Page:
Indiana OSHA fines Hyatt and HSS more than $50,000 for health and safety violations
April 12, 2011
Indianapolis, IN - Following months of investigation, the Indiana Occupational Safety and Health Administration (IOSHA) has issued the Hyatt Regency Indianapolis and its subcontractor Hospitality Staffing Solutions (HSS) safety orders with proposed fines totaling more than $50,000 between both companies. The safety orders are the result of investigations following injury complaints lodged by Hyatt housekeepers in November 2010.
Two "serious" safety orders issued to Hyatt include allegedly failing to train HSS subcontracted workers on chemical hazards and on bloodborne pathogens such as blood, needles and other potentially infectious materials that housekeepers had potential exposure to as part of their regular duties. According to OSHA, "a serious violation occurs when there is substantial probability that death or serious physical harm could result from a hazard about which the employer knew or should have known." IOSHA also cited the Hyatt Regency Indianapolis alleging that it failed to record illnesses and injuries on OSHA forms of HSS subcontracted workers who suffered recordable injuries while working at the Hyatt. Proposed penalties for safety orders issued to Hyatt total $4,400.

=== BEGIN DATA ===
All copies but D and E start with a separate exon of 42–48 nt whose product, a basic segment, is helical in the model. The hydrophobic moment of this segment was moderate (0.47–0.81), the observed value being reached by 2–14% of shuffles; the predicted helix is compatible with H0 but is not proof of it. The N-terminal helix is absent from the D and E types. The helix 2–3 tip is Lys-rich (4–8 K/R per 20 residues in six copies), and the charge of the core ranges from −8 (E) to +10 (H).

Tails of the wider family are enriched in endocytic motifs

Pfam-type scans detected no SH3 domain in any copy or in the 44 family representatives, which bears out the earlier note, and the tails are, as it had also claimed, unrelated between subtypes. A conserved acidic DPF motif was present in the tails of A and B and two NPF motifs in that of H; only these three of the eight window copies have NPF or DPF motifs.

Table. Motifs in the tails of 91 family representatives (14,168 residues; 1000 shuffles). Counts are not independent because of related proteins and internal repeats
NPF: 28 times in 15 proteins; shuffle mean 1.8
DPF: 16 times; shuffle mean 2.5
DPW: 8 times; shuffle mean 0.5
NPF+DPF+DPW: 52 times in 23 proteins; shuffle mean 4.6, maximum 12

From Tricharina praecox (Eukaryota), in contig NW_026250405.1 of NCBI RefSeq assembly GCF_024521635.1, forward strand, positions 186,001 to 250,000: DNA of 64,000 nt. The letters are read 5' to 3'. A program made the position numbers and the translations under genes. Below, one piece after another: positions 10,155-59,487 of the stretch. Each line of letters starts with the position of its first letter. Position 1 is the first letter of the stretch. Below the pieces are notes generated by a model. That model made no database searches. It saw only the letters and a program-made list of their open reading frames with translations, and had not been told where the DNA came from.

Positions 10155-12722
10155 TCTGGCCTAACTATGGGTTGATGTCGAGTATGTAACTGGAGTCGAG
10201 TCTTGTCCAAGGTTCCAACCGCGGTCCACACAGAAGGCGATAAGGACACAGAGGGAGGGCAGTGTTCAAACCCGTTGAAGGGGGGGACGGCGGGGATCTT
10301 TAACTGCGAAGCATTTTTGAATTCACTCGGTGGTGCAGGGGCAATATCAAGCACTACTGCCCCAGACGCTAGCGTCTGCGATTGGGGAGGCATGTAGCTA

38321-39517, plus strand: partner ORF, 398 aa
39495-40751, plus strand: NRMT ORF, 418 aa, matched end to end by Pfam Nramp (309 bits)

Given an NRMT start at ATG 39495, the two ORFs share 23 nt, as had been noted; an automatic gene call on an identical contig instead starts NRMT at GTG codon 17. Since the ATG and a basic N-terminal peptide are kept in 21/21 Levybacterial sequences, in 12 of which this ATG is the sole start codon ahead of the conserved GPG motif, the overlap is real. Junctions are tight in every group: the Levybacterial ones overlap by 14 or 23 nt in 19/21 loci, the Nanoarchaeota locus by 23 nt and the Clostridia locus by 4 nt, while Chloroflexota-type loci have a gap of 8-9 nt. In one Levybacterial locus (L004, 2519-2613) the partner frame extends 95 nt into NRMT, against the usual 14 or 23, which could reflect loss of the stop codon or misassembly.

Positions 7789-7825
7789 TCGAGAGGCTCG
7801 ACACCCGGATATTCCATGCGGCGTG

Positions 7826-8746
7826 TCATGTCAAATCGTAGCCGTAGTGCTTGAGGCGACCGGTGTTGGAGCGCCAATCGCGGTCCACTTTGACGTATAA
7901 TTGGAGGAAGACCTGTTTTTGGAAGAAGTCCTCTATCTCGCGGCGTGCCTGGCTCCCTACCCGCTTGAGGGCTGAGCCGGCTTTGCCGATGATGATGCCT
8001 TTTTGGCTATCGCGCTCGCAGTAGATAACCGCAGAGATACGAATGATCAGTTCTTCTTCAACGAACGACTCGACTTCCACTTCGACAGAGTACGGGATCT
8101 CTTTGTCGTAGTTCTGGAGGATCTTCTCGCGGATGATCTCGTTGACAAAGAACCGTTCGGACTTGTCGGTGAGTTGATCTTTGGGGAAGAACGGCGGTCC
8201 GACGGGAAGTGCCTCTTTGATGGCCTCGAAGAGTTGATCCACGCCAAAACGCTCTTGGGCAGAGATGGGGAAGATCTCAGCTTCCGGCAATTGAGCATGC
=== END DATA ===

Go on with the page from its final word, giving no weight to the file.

IOSHA issued a "knowing" safety order, the highest level safety order that Indiana OSHA issues with a more severe proposed penalty of $40,000 to HSS alleging that it failed to turn over injury records and delayed in providing other injury files despite repeated requests. IOSHA has described ‘knowing' safety orders in the past as the most serious safety violations possible by an employer. Serious citations were issued to HSS alleging that it failed to train its employees on chemical and bloodborne pathogen hazards and other recordkeeping irregularities. Additional proposed fines bring the total for HSS to $49,900. The orders and proposed fines become final unless Hyatt and HSS seek administrative review within 15 working days to challenge them.
"By relying on subcontractors like HSS to staff housekeeping, Hyatt has been able to circumvent its responsibility to provide basic workplace protections for housekeepers that all workers are entitled to under the law," says Marquita Walker, a Labor Studies professor at IUPUI. "In Indianapolis, the multi-billion-dollar Hyatt Corporation is leading the industry in an outsourcing trend that takes advantage of primarily immigrant workers and erodes the quality of jobs for hospitality workers in the region."
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